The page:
Randal Koene: I guess I should address this by taking the problem apart a bit. We need to determine what we consider “fatal”, we need to consider what sort of preservation it would take to recover using technologies we can currently conceive and where we have enough understanding to make credible statements, and then we need to address this other matter of recovery “regardless of losses” due to the supposed extreme superintelligence’s capabilities. Finally, I think it is also worthwhile to (at least theoretically) consider what it means to personally deem recovery successful.
1.) “Fatal” information loss:
The gold standard for recovery would probably be a reconstitution that results in no more changes of brain-state than we are ordinarily used to experiencing from moment to moment. Obviously, we are not fixed entities, our brains are plastic, we are always learning and forgetting and changing. Some rate of change seems “normal” to us.
The ideal is a transition in which long-term memory, as well as the intermediate chemical storage through LTP and LTD (long term potentiation and depression), diffuse modulatory states, working and short-term memory instantiated purely through nested patterns of activity in rhythmic oscillations are all captured and then reactivated.
That is not even a goal of current cryopreservation. It is generally understood that the procedure would conserve only long-term states and perhaps LTP<D.
How bad is that? Probably not terribly, given that we seem satisfied that we “survive” when recovering from unconsciousness.
A “fatal” loss could depend very much on the area of the brain that is affected by preservation problems. Let’s say that the ultrastructure of connectivity in neocortex is somewhat distorted, resulting in a 10% difference between pre- and post-cryo brain configuration. That might not be so terrible…. it is reminiscent of early Alzheimers and in this case one may even improve! But how about functions that are not supported by as much distributed storage as we suppose the neocortex provides? Take dentate gyrus and its hypothesized conceptual pointer function… connectivity changes there could make episodes of memory entirely unretrievable. But still, is that “fatal”?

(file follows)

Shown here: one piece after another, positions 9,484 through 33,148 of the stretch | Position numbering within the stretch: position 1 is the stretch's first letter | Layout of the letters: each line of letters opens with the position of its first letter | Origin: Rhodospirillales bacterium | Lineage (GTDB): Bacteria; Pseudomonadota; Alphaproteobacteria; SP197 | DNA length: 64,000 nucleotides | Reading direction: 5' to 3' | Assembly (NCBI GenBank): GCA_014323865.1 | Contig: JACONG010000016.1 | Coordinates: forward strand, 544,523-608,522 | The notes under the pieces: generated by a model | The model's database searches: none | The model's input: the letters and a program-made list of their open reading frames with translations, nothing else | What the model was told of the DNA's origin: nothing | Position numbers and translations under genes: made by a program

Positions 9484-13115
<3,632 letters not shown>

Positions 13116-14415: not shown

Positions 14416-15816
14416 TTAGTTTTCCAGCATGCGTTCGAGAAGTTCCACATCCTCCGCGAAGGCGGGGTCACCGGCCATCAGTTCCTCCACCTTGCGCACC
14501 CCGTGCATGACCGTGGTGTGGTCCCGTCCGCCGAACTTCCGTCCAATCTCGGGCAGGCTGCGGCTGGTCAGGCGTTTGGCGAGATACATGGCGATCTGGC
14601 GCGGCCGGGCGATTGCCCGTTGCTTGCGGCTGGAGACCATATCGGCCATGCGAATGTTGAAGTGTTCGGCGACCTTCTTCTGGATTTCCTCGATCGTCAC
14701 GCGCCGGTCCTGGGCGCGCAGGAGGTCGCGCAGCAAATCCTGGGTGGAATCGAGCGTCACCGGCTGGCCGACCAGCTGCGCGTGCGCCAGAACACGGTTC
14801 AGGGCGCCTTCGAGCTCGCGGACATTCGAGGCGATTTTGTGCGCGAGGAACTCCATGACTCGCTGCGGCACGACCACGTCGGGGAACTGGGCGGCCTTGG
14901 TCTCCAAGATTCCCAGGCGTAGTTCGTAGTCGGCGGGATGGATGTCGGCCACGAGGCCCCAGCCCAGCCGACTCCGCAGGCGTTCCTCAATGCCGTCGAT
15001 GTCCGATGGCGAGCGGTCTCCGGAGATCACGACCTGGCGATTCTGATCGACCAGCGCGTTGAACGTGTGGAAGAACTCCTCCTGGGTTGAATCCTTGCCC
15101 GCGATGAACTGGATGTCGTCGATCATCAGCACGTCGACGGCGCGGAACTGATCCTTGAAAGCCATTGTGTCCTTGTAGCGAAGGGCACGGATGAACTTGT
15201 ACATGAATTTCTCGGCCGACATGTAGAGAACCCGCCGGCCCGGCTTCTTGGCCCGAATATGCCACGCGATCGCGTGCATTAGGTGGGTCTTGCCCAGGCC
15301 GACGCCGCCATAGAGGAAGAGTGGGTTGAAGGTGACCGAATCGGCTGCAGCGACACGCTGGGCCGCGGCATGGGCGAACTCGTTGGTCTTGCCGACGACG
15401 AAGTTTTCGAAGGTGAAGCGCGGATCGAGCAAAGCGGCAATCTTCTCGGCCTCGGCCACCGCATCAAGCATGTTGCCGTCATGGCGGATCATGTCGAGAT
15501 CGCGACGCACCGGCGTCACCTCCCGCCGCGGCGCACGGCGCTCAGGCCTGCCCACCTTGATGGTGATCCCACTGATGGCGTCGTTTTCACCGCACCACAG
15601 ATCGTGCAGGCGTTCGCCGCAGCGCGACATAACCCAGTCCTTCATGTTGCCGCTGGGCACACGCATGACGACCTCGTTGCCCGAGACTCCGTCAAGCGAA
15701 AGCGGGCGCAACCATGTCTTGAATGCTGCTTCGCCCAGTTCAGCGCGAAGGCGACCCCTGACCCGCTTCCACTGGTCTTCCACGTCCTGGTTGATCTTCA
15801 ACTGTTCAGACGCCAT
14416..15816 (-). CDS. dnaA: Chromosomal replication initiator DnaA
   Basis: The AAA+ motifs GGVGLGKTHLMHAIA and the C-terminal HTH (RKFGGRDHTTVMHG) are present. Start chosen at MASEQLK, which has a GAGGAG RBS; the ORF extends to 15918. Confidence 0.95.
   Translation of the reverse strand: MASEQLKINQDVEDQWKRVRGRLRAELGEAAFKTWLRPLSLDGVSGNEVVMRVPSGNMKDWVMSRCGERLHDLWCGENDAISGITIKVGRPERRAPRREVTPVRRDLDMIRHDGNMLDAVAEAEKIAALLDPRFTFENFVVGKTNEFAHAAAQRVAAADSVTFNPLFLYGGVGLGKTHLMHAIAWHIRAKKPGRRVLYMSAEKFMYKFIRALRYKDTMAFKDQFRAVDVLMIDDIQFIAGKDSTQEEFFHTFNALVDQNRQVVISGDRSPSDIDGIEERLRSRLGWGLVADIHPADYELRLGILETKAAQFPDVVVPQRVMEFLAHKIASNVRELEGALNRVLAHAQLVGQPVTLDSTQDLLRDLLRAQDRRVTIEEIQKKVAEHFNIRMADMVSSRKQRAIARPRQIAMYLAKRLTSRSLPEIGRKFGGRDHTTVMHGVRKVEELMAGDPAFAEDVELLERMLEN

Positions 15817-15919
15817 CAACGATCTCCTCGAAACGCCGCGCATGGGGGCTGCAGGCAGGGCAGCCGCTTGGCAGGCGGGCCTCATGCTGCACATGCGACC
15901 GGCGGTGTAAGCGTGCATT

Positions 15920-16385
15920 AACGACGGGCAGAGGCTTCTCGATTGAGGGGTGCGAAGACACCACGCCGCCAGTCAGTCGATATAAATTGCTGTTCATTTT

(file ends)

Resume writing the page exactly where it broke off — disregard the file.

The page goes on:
Personally, I think what I would consider fatal is a change that altered my personality to the point where I would not recognize myself to my own satisfaction (which is of course difficult to test… see point 4). So, a lot of this will be about the circuitry that determines our typical reaction/response, our emotional make-up, our connection to drives and interests. I imagine that a bad cryo-preservation could lead to changes that would remind us of the changes undergone in individuals we once knew well but who subsequently spent years as alcohol abusers with resulting brain damage and personality changes, or indeed, the changes we see in Alzheimer’s patients. If we could draw a line at some point in the progression of Alzheimer’s and say “to here and no further”, and we related that to a proportion of damage in the brain’s ultrastructure, then I think we could come up with a measure for “fatal information loss”.
2.) What would be good cryo-preservation if we wanted to devise a recovery method at this time?
I am not so good at pretending to be a superintelligence from the future and I tend to think how we could develop a project to achieve specific objectives right now. Where cryonics is concerned, my overriding interest in substrate-independent minds and whole brain emulation makes me less interested in any kind of “revival” from cryo through biological healing of tissues. I would aim squarely at recovery through whole brain emulation. So, for me the things to determine about cryopreservation are exactly those that we worry about for data extraction to achieve WBE.
I’ve argued before that structure is probably not enough. Functional reference points are needed to turn the problem into a manageable collection of small system identification problems. Each reference point allows us to test our assumed parameters, to see if the subsystem produces the responses we would like it to produce. If that is absolutely necessary, then I should probably argue that proper cryopreservation requires either that: